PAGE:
When I first got to Harvard, I was set on being a Government concentrator, and I did end up declaring Government my sophomore year. At some point I realized that I had taken way more WGS classes than Gov classes and that I had enjoyed them so much more. Even for my non-WGS classes, I was focusing almost all of my papers and projects on WGS-related themes. It was not a hard decision to make when I officially switched my concentration to WGS.
After taking Laura Johnson’s class, "Gender and Sports," my sophomore year, I instantly knew that was what I wanted to focus my studies on. I wrote my junior paper on women’s rugby and my senior capstone paper on resources available to women in skateboarding. WGS allowed me to write papers on rugby and skateboarding, two of my favorite things. How awesome is that?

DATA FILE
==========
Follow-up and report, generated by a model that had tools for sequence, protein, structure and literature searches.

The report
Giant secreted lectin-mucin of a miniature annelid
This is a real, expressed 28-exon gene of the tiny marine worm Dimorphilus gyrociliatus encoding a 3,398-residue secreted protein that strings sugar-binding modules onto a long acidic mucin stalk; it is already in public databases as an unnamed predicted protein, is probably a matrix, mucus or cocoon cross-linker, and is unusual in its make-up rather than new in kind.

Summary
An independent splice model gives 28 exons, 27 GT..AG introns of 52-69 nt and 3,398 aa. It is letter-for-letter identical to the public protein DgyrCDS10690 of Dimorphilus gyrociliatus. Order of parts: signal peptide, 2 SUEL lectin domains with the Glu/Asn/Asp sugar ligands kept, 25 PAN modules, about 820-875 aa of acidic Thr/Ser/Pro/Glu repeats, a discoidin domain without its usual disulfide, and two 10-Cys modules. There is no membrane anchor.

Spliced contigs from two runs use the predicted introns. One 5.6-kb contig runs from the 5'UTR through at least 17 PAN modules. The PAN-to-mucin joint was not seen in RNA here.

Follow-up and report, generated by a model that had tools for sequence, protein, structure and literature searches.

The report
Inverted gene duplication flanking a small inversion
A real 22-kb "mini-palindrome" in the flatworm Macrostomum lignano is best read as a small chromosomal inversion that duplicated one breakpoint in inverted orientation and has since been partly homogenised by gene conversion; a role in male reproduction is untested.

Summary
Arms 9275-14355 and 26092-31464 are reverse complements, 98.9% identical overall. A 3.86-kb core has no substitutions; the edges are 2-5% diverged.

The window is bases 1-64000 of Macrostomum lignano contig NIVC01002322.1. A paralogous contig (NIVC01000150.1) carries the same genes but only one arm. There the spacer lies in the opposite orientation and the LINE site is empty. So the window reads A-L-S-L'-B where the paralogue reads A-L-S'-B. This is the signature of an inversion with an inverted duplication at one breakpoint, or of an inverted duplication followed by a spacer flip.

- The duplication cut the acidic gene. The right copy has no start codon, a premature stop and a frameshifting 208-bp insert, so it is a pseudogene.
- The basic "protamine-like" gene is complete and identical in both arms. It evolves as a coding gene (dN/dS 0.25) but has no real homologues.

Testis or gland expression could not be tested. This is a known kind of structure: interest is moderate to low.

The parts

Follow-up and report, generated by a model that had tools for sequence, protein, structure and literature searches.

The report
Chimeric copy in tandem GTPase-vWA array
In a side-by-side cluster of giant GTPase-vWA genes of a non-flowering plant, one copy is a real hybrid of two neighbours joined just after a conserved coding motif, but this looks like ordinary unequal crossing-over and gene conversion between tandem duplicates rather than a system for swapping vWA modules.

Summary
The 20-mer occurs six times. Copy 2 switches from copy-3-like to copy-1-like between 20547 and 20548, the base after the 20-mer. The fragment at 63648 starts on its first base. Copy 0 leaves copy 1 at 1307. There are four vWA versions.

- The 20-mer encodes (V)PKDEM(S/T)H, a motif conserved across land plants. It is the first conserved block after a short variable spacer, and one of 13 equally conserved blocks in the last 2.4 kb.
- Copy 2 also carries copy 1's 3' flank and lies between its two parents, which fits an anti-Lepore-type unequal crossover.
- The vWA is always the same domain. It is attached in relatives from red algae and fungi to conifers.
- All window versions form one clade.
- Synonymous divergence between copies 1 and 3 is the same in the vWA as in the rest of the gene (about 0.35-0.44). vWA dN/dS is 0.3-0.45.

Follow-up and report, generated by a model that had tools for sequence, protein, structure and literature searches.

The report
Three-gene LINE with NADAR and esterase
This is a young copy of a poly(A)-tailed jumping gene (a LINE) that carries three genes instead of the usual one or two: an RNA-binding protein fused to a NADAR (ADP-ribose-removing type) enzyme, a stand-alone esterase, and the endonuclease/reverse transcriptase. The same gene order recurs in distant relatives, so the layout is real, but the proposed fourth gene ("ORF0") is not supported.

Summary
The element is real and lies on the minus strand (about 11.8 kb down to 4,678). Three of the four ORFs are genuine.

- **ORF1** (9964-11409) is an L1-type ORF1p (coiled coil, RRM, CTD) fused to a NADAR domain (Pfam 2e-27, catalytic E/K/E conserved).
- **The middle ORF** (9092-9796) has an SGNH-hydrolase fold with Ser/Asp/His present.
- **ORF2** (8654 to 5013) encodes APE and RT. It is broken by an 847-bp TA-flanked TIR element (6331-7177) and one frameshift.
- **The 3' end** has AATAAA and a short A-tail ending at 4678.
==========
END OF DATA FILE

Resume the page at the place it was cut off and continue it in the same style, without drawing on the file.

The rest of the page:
In post-college life, my WGS education has definitely played a huge role. For my first 2.5 years after college, I ran the Portland chapter of a non-profit called Skate Like a Girl that seeks to empower women and girls through skateboarding. I actually found out about the organization through my research on my capstone project. Other than getting to share my love of skateboarding with a bunch of six-year-old girls, one of my favorite parts of the job was that I had the perfect answer for all the people who snidely asked me what exactly I planned to do with my WGS degree.
In the long-term, I am working to be an independent filmmaker. My first documentary project was on the experiences of women who have done solo bicycle tours, which is very much in line with the academic focus of gender and sports that I chose in college. I'm currently developing a scripted web series that touches on the topics of queerness and mental health. WGS has had a huge impact on the way I see the world around me and I am sure that many of my future projects will also bear the influence of my time as a WGS concentrator.